The on-going, first-hand tale of a journey through medical oncology... and what happens after.

Saturday, May 24, 2008

Challenges in life

As the aphorism says, you'll never know what you can do until you try. Or something like that... Over my short-but-not-so-short-anymore lifetime, I have approached and conquered or been defeated by many challenges. Some of them were silly little things like a lemonade stand business - where we had such great initial success (underwritten by a grant from Mom) only to find that the ingredients and transport time and a saturated customer base (everyone had already bought lemonade) and a cooler evening made for an overall negative income for that day. Others have been earthshakingly difficult - like writing a Master's thesis over the course of eight weeks one sultry, caffeinated summer in State College, or slogging through a toxic chemical haze toward the elimination of cancer.

Just last weekend the temperatures topped 100 degrees all around Oregon. Following a phenomenal snow season last winter, this led to some pretty impressive, snowmelt-fed stream flows. Nothing resembling a flood in our neck of the proverbial woods, but rivers and streams in the valley are much higher than they usually are in May. So I am out for an early morning training ride on my bicycle, and am riding on familiar bike paths adjacent to the Willamette River. The path is about four feet wide and is paved with asphalt. I am near the end of a roughly 15-mile ride, and at one of the dips in the path I come across about 15 feet of standing water (an inch or two deep), which I carefully ride through and think, "Hmmm... unusual." But thinking no more about it I ride on.

This path is a long double loop, and I am traveling on the outer loop - which means a long ride in either direction. As I am nearing the end of the loop, where it rejoins the road, I notice some more water over the path and begin to ride through it as before. This stretch of water-covered path is at least 50 feet long (it goes around a bend ahead), but my recent experience did not set off any alarm bells. It would be easier and faster to ride through the water than to turn around and ride back, and I did have to get ready for work.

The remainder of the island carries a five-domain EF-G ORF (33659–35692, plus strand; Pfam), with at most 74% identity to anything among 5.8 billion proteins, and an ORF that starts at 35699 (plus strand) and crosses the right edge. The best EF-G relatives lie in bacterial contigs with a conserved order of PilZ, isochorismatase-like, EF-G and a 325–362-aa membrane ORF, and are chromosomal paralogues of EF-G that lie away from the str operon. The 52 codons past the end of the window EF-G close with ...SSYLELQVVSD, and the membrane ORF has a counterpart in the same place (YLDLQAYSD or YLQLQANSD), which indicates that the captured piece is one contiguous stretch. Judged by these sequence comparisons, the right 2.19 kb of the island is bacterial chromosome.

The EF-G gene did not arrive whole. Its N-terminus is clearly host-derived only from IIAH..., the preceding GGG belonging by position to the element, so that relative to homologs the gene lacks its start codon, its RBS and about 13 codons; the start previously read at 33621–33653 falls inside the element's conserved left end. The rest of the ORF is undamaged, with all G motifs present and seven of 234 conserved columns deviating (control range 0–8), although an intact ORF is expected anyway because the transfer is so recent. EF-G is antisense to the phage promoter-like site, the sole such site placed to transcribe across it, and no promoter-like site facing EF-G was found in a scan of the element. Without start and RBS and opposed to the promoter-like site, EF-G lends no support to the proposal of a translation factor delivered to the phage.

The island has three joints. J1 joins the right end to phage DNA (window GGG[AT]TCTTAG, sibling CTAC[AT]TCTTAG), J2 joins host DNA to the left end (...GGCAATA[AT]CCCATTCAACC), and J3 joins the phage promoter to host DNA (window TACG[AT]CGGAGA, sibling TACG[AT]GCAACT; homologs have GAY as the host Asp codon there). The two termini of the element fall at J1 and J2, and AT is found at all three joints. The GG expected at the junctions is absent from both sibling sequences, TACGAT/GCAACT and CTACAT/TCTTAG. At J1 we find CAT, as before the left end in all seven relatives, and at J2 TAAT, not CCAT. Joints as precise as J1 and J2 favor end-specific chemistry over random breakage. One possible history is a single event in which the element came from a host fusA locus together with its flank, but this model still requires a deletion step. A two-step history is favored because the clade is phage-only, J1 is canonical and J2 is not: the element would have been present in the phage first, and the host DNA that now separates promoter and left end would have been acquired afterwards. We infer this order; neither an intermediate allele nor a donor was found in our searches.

Bad decision. In no time at all, I was pedaling through deep enough water that each foot submerged at the bottom of each pedal stroke. The grass-lined path winds between a farm field and a line of trees beside the slough, so I couldn't see very far ahead, but I knew where the path had to be even though it was submerged. It was too difficult to turn around without getting off the bike, which would mean disengaging my cleats underwater while trying to remain balanced. The drag of the water began to make pedaling really difficult, and the water was now almost as high as my knees. Feeling pretty dumb (and a little concerned), I needed to downshift to maintain my forward momentum. I feared that losing momentum would soon have me toppled over into the water, since my submerged feet would not allow my cleats to disengage quickly enough to let me step off the bike and stand up. With some trepidation, I reached down to shift gears (actually, this was no problem, as the water does not really affect mechanical devices that are well lubricated with grease) and then pedaled mightily against the added resistance of the water up the gentle slope toward the road. Soon enough, I was on dry path again, and was merely a little wetter than the sunny day would have generally caused.